On March 17, Wyoming Gov. Mark Gordon signed a bill banning the most popular form of abortion — abortion medication. The law has put Wyoming at the forefront of anti-abortion legislation in America, as the state is the first in the nation to explicitly ban the use of pills that terminate pregnancies.
Medical abortion is a non-surgical method of abortion that was approved by the F.D.A in 2000. It includes a two-drug combination of the pill mifepristone, which is taken along with the pill misoprostol one or two days later. Throughout its 20 years of use in the U.S., it has become the most common form of abortion — accounting for more than half of all U.S. abortions as it is preferred by patients for its discreteness and cost.
Wyoming’s ban on medical abortion is intended to take effect on July 1. Under the law, the act of prescribing, administrating or selling abortion medication for the purpose of performing an abortion is considered a felony and is subject to five years in prison. Doctors that do so will have their licenses revoked, but there are narrow exceptions to the law for instances of incest, rape, risks to a patient’s life and for treating natural miscarriages.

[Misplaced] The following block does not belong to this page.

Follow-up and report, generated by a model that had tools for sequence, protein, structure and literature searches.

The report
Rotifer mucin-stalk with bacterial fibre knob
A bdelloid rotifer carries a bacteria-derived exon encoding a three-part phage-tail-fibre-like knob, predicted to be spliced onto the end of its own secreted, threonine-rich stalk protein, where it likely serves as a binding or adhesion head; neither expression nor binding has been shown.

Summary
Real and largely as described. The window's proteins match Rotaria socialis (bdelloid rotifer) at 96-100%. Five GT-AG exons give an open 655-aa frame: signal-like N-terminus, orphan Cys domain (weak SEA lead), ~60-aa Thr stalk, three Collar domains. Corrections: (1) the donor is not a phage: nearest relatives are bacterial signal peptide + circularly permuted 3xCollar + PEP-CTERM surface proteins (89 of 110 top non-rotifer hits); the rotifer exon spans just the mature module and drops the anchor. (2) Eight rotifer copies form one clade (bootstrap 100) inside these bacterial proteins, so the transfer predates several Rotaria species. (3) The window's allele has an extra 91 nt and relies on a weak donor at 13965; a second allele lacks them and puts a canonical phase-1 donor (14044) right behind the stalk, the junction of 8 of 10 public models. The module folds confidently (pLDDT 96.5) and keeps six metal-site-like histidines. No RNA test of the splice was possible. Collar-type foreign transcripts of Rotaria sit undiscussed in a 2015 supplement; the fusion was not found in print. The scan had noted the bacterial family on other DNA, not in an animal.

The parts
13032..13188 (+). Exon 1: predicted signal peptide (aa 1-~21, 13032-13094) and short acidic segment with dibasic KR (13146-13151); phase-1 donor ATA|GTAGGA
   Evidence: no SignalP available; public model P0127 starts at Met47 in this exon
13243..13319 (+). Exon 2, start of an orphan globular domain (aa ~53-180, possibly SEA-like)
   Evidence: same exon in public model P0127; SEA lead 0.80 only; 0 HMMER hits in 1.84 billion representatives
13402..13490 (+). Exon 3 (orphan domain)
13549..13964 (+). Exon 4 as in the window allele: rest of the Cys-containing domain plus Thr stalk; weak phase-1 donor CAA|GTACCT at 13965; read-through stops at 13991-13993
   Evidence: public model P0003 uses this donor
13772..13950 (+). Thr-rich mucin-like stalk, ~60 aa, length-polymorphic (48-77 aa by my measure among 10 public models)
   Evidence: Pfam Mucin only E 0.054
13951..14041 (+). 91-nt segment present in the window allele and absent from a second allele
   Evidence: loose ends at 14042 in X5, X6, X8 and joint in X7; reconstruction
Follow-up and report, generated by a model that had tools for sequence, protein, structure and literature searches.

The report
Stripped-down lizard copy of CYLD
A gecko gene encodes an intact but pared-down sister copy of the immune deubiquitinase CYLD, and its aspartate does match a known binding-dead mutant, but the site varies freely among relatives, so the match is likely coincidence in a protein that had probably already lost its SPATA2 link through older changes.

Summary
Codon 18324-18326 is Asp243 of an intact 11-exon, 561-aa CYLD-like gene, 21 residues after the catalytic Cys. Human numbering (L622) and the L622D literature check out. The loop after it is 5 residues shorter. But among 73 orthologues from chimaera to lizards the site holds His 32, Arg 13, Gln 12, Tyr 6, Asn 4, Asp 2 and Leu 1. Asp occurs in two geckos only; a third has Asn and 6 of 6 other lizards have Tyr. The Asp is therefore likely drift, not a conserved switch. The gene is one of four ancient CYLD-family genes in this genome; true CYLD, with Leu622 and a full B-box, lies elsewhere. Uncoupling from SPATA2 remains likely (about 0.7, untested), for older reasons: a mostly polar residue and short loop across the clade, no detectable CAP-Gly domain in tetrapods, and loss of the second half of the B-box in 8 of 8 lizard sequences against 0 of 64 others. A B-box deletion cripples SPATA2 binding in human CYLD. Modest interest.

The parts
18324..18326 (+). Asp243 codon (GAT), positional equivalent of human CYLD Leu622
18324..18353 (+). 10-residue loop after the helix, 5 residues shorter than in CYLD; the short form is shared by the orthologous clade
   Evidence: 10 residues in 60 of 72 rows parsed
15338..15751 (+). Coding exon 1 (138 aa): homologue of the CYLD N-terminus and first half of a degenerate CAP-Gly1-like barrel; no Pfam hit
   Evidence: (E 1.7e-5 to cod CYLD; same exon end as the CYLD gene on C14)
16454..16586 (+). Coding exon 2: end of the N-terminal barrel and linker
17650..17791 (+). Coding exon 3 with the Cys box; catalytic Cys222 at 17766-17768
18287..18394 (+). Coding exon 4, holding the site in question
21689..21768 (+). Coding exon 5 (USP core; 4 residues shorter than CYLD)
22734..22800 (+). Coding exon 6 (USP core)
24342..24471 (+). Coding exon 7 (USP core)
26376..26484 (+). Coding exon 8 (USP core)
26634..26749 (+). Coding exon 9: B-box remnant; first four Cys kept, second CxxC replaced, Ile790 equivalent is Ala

Wyoming is not the only state that seeks to limit access to medical abortion. 15 states have restrictions on medical abortion, such as the requirement that abortion medication be approved by a physician or the requirement that the patient have an in-person visit with a doctor. In Texas where abortion is already banned, a bill has been introduced that includes multiple provisions that would block access to abortion pills — even making it difficult for patients to learn about or obtain out of state abortion services. The bill states it would be illegal to “create, edit, upload, publish, host, maintain, or register a domain name for an internet website, platform, or other interactive computer service that assists or facilitates a person’s effort in obtaining an abortion-inducing drug.” Many patients access information about abortion options online through websites like Plan C, which shares resources for patients to access abortion pills by mail with clinician support through telemedicine.
A federal judge will also decide on a case filed by anti-abortion groups that want the F.D.A. to revoke its approval of mifepristone and misoprostol in the U.S. The groups argue that the F.D.A did not follow proper protocols when the medications were approved, as well as that the pills are unsafe. A decision in favor of the anti-abortion groups would mark an unprecedented occurrence, with the F.D.A. being ordered to revoke a drug against its will. While the F.D.A. would immediately appeal this decision, if it stands it will affect not only states where abortion is banned, but where it is legal as well.
One SUNY New Paltz student shares a recent experience with taking mifepristone and misoprostol, following a medical abortion in early March. “Plenty of people have used the medication. It’s obviously safe. It’s been FDA approved,” she stated. “It’s also lifesaving — like people that have had miscarriages or a stillborn. It helps get everything out and makes sure that one doesn’t get an infection.”